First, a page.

Again, it makes no difference whether the panel ships without a stack of diffusers, BEFs, light guides and the BLU attached or not. It really doesn't. Either way, it's shipped in sealed packaging and has to be cleaned before final assembly. The fact you think your method is somehow less fragile than mine is odd. Either way, the panel is entirely exposed, although in your method it has films sitting behind it. If your TV has a front glass/plastic (and I assume most do), that's obviously not shipped from Japan to Mexico, or else the TV would already be assembled... So since we know assembly isn't in Japan, it still makes no difference whether the LCD is shipped apart from the stack or with it... the logistics concerns are the same.
And, really, my method is better since the stack being assembled at the last second would yield the best tolerances and the most consistent result. But it still does't matter.
I've seen the parts list for the model and there is a single part number for "LCD panel assembly".
Again, so what? Also, what does that include? Also, where is that assembled? Let's just pretend the modules are finished in Japan because (a) I really don't know (b) it's not important at all to this discussion.
I'm saying that Sharp can put whatever kind of backlight that is needed into the assembly. They ALREADY do it just within their own brands. And they also make both Quattron and non-Quattron panels. None of that is a question of optimization or quantity.
100% of that is not 65" panels.
Your argument about motherglass utilization is valid. They can make both 60" & 70" @ 88% utilization. 65" would be 76%.
It's hard to believe Sony is commissioning Sakai to make glass for what amounts to less than 1 day a year and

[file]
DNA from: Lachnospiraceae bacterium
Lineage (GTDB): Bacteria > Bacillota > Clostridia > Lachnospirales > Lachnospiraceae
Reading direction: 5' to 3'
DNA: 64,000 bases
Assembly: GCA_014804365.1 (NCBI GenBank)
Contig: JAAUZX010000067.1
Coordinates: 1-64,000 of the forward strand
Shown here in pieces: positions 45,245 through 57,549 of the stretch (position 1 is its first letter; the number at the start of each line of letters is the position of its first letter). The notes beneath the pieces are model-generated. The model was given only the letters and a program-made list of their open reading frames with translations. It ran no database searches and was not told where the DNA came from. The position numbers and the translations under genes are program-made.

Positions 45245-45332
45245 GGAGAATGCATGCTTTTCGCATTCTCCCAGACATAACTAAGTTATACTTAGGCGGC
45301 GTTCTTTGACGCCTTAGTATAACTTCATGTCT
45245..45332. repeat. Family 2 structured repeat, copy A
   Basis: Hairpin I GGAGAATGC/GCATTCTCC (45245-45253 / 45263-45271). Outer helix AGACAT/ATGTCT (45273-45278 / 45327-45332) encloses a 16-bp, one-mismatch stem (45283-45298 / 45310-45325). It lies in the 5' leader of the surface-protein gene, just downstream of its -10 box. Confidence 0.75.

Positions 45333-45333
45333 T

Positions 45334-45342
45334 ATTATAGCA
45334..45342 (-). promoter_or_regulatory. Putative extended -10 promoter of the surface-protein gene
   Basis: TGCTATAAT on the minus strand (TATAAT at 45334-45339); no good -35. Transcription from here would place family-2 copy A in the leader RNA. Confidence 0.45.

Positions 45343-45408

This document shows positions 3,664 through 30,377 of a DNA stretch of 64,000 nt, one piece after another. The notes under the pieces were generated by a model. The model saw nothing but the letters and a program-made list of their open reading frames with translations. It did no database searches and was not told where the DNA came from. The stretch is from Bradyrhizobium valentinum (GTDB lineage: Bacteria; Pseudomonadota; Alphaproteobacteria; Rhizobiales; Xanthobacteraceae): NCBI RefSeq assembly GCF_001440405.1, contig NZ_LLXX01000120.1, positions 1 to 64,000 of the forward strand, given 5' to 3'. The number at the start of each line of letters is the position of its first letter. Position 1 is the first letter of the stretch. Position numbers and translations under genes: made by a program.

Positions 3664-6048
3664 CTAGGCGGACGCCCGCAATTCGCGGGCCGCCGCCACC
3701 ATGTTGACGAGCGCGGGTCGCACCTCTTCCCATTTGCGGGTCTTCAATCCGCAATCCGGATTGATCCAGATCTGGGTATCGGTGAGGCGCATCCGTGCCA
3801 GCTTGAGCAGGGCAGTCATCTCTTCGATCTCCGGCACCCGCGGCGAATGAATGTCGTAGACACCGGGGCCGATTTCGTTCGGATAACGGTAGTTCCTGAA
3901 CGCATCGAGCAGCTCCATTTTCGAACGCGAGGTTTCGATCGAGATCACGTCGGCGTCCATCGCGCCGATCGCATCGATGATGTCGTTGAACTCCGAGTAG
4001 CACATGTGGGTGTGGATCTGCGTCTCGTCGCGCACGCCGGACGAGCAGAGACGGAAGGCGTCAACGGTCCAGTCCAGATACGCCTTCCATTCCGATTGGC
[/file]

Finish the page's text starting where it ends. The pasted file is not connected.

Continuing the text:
wasting so much. Furthermore, there is tens of millions in startup costs for a new size.
How about an explanation as to why Samsung is selling it's panels to Sony which Sony is then using to sell a superior TV? The Samsungs can't touch the HX929s or the Elites for black level. If it's so easy to do full array local dimming then why has Samsung not produced such a product???
That's really easy and there are at least two reasons:
1) Samsung was enjoined from making full array sets for at least some period of time. This was due to patent issues regarding their short-lived (and well regarded) full array local dimming set
2) Samsung can sell high-end TVs with low-end picture quality. They don't need to make TVs as good to sell them for a lot of money.
Also, it's obviously not easy to do well, but it's clear from Samsung's overall TV market share, that not having one isn't really hurting them. They are rumored to be planning one which means they solved the IP issues or it's just a rumor.
I am no longer convinced that Sharp supplies the HX929 panels. Nor am I convinced that Samsung does. I suspect that we will never know for sure.
I know it's Samsung or LG, since there is not a shred of evidence anyone on earth produces 65" LCDs right now aside from those two companies. And since Samsung absolutely supplies the vast majority of Sony's TV panels, I can reasonably conclude it's a Samsung panel. The fact you've told me it matches up size-wise to Samsung's own 65" TV further proves this.
So, actually, we do know.